Second, Senate Majority Leader Harry ReidHarry ReidOPINION | 5 ways Democrats can win back power in the states THE MEMO: Trump's base cheers attacks on McConnell It's time for McConnell to fight with Trump instead of against him MORE (D-Nev.) said Tuesday that he thinks he sees progress in talks with Senate Minority Leader Mitch McConnellMitch McConnellTrump’s isolation grows Ellison: Trump has 'level of sympathy' for neo-Nazis, white supremacists Trump touts endorsement of second-place finisher in Alabama primary MORE (R-Ky.) to give President Obama the authority to raise the debt ceiling on his own.

President Obama indicated yesterday that he supports the Reid-McConnell talks because they could be needed as a short-term answer to the debt-ceiling impasse. Gang of Six members themselves indicated that their plan may not be ready in time for Aug. 2.

The third reason the House could be marginalized is related to the first two. While the Senate appears to be making some headway on a bipartisan basis, only the House seems to like the House GOP's "cut, cap and balance" plan approved on Tuesday.

Given that the House plan does not appear likely to be taken up by the Senate, the House might be in a wait-and-see mode, and then could be forced to examine whatever spills out of the Senate.

House Budget Committee Chairman Paul RyanPaul RyanGOP chairman to discuss Charlottesville as domestic terrorism at hearing Trump’s isolation grows GOP lawmaker: Trump 'failing' in Charlottesville response MORE (R-Wis.) on Tuesday said the Gang of Six plan is promising, but outlined several potential problems with it.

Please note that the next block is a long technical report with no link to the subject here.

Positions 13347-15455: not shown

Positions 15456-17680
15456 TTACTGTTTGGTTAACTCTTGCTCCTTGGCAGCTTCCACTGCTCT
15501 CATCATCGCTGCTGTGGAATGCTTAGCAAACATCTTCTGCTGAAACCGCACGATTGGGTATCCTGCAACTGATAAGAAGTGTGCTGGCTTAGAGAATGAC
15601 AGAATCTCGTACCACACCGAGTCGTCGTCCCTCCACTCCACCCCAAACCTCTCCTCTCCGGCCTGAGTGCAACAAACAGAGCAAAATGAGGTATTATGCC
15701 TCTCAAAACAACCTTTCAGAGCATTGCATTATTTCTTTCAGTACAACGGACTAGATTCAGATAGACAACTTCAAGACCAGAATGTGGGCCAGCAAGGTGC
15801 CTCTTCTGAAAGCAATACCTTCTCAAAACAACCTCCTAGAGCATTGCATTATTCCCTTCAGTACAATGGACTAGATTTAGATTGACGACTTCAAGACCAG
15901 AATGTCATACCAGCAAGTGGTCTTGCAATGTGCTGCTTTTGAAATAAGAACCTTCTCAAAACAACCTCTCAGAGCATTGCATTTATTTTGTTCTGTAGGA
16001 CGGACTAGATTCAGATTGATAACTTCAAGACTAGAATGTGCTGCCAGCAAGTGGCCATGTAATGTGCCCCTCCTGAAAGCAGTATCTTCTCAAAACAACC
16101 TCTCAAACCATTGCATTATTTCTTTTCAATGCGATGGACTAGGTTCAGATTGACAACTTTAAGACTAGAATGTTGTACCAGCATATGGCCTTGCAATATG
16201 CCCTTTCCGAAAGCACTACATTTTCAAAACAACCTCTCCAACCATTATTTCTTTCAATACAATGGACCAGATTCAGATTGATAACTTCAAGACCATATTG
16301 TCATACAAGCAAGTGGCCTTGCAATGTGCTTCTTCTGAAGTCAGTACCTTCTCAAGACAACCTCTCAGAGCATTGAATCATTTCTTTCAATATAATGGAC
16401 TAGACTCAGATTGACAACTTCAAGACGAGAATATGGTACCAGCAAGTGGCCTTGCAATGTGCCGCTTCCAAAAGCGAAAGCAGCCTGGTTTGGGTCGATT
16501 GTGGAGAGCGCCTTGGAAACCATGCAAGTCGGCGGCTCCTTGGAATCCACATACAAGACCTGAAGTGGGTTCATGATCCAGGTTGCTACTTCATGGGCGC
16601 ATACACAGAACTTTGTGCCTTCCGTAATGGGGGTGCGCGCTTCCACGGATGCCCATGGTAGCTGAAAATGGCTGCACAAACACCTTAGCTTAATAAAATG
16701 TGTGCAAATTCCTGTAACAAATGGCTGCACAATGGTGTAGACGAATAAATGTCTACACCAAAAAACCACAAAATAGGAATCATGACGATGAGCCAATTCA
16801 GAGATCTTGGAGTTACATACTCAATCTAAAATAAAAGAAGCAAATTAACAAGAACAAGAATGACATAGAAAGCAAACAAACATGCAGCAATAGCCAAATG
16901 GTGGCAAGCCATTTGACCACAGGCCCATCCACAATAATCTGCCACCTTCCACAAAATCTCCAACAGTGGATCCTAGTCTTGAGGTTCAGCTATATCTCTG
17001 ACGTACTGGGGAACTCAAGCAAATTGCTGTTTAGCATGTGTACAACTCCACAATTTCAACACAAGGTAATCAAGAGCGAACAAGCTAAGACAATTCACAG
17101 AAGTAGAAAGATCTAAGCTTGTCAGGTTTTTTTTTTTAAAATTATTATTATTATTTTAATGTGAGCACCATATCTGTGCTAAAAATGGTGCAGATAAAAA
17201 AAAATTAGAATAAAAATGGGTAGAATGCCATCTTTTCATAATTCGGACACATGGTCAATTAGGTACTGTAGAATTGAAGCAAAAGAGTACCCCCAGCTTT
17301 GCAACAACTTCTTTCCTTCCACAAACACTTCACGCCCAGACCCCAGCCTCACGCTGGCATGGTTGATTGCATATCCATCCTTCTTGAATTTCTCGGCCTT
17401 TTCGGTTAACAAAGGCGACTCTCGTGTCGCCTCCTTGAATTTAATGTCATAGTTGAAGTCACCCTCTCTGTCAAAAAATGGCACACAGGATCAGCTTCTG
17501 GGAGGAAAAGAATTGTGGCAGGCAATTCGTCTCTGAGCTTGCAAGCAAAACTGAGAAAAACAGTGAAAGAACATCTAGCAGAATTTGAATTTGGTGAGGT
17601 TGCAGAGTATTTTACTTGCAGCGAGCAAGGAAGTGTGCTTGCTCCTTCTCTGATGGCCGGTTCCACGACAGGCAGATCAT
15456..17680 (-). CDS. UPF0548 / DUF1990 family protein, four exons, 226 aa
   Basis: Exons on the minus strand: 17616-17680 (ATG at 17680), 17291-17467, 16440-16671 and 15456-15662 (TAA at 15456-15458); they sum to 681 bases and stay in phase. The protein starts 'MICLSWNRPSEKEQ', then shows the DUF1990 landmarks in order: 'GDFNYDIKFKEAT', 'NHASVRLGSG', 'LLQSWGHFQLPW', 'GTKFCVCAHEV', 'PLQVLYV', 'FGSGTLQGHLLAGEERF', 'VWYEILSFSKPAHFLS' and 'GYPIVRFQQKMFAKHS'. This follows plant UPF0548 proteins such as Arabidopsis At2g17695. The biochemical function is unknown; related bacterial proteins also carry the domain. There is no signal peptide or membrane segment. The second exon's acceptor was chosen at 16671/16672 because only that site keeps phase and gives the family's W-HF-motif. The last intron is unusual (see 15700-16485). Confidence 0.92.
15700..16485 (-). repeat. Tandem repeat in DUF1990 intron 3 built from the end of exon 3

While waiting on the Senate is unlikely to make House Republicans happy, it promises for a busy next couple of weeks. House Majority Leader Eric CantorEric CantorEx-RNC spokesman: After Trump remarks how can I tell minorities to vote GOP Kelly’s challenge? Bringing stability to Trump White House Special interests hide behind vets on Independence Day MORE (R-Va.) warned Tuesday that the House could meet Saturdays and Sundays until an agreement is reached.

The House meets at 10 a.m. for speeches and noon for legislative work, and has a light day compared to Tuesday.

The House will take up a rule for H.R. 2553, a bill extending airport taxes until Sept. 16. These taxes, which help fund the Federal Aviation Administration, expire July 22.

This is yet another short-term extension of these taxes. Republicans and Democrats are split on air union rules in a bill that would extend the taxes for five years.

The House also takes up H.J.Res. 66, which would renew import restrictions in the Burmese Freedom and Democracy Act.

The Senate meets at 9:30 a.m., ostensibly to take up H.R. 205, the Military Construction, Veterans Affairs and Related Agencies Appropriations Act. But it's unclear whether the Senate will actually take up amendments to this bill.